Here's my take on it when we're talking fly reels.... a tiny drop of good quality light oil is all that's ever needed on the handle shaft (the part the reel handle rotates on), and on the spool shaft and most will never need to do anything else.  The reel manufacturer will have placed a very small amount of grease on gear teeth, clicker teeth, etc - if your reel has any of those items... Bearings for saltwater reels - some of them really high end items, will each need a tiny bit of oil on each bearing - then the bearing is worked back and forth a bit to allow it to work down to the race.  For reels used in saltwater I take an additional step with bearings - very lightly coating each side of each bearing with grease after the oil... not to lube the bearing but to waterproof it and seal it up... Bearings treated this way last five times as long as bearings without it on a reel used in saltwater -and I'm talking about every kind of reel from little spinning reels on up... These day many reels come with more than a half dozen various bearings (not fly reels thank heavens... ) and when they go bad and you have to replace them your wallet will feel the impact...

 

Now for something that's not talked about much - and that's modern drag washers (almost all of them synthetics... unless it's the older style cork drag washers..).  Manufacturers that build reels with cork drags (the old FinNors, the Billy Pate, and others...) will specify neatsfoot oil for cork drag washers and that will keep them working properly - but cork does get old, and chewed up (or burned up for those doing big game fishing with a fly reel) so you'll need to replace them eventually...  These days though the trend on high end reels is towards sealed drags - which are not designed to be worked on by the end user... If drag problems come up, those reels will need to go back to the manufacturer, period (Nautilus and other makes..)  For any reel that has synthetic washers that you can access... will need to be greased if they're not Teflon or something similar... Shimano and other makers actually sell a grease made specifically for drag washers (Cal's as well comes to mind..).  I've actually had great results using the stuff on cork washers as well... counter-intuitive to use grease on a braking surface but it does work quite well (and you can't burn a cork drag that's got a bit of grease on it... ask me how I know...).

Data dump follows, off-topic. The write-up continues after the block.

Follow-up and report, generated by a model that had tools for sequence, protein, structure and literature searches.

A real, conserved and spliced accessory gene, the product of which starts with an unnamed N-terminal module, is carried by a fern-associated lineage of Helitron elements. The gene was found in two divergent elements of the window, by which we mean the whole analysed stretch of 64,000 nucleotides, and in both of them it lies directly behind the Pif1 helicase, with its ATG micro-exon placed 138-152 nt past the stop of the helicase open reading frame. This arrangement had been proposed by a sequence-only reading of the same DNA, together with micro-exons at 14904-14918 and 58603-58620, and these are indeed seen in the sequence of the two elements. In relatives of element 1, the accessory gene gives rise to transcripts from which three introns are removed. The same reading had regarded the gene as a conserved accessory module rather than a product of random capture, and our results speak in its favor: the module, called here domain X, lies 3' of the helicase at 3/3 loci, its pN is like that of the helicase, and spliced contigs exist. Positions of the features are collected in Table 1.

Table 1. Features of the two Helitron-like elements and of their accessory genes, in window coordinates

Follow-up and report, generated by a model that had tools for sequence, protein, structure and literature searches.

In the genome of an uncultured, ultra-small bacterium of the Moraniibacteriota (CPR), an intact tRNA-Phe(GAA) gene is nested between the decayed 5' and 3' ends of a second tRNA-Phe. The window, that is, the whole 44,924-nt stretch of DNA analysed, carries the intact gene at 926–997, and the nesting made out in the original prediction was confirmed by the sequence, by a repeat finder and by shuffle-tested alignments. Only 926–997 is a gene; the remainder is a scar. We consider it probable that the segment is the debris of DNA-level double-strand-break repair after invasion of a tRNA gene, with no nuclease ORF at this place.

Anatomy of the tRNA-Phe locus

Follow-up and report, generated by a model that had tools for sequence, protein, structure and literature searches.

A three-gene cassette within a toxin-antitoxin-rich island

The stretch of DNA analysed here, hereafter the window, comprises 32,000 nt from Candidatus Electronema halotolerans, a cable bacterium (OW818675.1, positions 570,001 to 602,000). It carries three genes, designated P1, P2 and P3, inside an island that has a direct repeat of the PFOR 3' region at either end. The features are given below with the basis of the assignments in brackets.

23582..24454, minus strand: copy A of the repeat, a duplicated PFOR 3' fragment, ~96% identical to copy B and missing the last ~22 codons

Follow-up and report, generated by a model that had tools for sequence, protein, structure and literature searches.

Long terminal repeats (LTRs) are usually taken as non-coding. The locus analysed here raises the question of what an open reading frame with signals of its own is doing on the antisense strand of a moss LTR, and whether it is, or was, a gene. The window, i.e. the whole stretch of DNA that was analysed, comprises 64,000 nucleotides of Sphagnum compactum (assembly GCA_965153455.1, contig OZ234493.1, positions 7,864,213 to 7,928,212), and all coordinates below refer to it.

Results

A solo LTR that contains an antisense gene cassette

Lots more to say about reel maintenance and repair - but very quickly I'll be talking about spinning or conventional reels so I'll stop here... Just remember that less is always better when lubing any reel... Can't remember how many reels I've repaired over the years that had too much lube that had turned into glue... clean a reel thoroughly of all the old solidified grease and it's re-born like magic....


Tight lines Bob LeMay (954) 435-5666